By Tom Bradley

“I think the future of equities will be roughly the same as their past; in particular, common-stock purchases will prove satisfactory when made at appropriated price levels. It may be objected that it is far too cursory and superficial a conclusion; that it fails to take into account the new factors and problems that have entered the economic picture in recent years – especially those of ... the movement towards less consumption and zero growth. Perhaps I should add to my list the widespread public mistrust of Wall Street as a whole, engendered by its well-nigh scandalous behavior during recent years in the areas of ethics, financial practices of all sorts, and plain business sense.”

Was this a quote from me responding to readers and clients who can’t believe I’d recommend a full allocation to stocks at this time of economic peril? No, it’s from a speech by Benjamin Graham, the father of value investing, which was printed in the Financial Analyst Journal’s 1974 September/October issue. At time of publication, the S&P 500 was down 48% from January, 1973. In 1975, the index was up 37%.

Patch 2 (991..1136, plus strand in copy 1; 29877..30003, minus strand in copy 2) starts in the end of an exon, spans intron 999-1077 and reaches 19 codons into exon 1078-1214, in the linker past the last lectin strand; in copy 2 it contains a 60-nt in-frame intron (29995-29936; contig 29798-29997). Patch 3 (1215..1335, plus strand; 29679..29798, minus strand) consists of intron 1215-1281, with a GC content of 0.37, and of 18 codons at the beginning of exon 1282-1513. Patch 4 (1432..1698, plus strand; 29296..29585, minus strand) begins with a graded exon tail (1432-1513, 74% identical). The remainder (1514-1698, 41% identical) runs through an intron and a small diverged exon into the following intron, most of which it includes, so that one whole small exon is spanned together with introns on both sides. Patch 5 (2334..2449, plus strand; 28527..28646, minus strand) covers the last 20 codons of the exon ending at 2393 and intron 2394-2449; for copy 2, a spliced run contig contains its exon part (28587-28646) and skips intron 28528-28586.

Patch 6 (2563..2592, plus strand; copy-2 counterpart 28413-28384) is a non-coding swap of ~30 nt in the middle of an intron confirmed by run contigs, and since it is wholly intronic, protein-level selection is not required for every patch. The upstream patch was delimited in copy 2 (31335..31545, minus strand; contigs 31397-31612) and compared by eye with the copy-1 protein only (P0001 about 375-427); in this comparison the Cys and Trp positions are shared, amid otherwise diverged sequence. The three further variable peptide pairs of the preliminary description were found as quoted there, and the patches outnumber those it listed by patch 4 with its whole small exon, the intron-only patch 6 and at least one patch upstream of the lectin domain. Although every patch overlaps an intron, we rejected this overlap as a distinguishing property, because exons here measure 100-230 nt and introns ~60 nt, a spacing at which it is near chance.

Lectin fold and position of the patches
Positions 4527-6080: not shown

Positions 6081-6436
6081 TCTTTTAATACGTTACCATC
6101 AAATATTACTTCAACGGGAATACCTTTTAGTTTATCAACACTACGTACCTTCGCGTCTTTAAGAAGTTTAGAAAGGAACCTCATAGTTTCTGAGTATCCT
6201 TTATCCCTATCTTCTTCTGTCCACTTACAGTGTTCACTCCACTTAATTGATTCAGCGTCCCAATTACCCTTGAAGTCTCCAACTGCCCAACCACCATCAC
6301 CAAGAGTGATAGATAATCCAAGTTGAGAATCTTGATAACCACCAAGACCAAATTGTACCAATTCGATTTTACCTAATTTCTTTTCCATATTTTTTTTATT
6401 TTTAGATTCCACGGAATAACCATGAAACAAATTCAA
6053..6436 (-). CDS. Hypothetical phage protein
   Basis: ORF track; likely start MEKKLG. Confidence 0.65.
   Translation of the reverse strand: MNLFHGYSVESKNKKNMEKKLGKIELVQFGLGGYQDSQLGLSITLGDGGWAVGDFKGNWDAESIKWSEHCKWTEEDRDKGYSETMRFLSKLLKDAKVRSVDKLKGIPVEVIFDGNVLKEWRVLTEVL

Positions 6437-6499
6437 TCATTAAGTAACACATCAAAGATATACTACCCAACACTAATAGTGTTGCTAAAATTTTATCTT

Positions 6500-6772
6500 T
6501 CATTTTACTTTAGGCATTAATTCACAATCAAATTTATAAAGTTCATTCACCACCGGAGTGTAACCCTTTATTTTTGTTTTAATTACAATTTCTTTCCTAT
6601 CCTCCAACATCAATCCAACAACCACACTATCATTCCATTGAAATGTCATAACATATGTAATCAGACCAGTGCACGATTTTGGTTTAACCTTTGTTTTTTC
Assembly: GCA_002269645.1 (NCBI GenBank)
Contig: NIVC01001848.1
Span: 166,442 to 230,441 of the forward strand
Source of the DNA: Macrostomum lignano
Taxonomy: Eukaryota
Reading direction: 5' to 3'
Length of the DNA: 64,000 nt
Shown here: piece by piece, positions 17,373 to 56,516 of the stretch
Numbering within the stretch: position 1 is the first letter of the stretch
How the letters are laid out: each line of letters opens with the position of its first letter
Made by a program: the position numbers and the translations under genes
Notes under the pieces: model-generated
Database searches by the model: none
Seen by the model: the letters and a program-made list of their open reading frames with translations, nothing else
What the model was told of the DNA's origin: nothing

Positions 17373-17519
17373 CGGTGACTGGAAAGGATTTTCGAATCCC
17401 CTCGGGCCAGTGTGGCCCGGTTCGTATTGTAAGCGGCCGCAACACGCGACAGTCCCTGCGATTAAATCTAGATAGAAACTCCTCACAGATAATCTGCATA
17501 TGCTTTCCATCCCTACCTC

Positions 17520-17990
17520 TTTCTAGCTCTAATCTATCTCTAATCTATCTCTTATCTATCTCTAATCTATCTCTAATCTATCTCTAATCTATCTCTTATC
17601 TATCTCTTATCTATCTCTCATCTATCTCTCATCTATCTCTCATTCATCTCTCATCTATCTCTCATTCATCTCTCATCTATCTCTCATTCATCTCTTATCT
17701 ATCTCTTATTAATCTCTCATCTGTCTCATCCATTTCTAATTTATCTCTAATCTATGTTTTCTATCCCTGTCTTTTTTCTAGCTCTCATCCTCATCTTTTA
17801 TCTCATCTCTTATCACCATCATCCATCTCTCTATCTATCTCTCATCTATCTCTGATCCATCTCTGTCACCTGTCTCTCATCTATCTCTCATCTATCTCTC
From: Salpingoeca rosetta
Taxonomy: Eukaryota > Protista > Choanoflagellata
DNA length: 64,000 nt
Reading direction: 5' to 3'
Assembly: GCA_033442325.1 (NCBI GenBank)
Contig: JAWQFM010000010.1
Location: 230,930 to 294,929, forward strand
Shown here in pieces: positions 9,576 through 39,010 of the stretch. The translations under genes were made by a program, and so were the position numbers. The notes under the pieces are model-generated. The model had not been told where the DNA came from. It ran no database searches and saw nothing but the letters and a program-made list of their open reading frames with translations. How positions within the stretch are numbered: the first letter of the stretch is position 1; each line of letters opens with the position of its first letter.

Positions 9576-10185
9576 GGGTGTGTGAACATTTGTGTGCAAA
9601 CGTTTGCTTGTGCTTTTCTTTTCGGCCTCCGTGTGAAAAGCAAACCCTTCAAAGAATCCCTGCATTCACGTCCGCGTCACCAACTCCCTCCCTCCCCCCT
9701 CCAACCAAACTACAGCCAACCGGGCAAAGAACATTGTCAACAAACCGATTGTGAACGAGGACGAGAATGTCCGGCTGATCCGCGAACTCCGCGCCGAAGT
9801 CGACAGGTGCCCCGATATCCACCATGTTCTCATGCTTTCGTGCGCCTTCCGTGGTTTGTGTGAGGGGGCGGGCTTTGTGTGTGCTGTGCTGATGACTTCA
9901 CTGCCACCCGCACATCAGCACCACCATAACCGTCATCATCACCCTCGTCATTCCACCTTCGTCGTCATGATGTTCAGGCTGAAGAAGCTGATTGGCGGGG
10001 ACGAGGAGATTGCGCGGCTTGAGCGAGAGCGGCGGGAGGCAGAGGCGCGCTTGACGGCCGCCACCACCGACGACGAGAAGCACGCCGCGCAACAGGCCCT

Stocks aren’t down nearly as far as they were during the oil crisis in 1974 (and I’m certainly not looking for a 1975 recovery), but the penchant for investors to disengage from company fundamentals and stock valuations, and instead act on political and economic news is rivaling some of the previous market lows.

(Thanks to Southeastern Asset Management for reprinting Mr. Graham’s quote in its third quarter report.)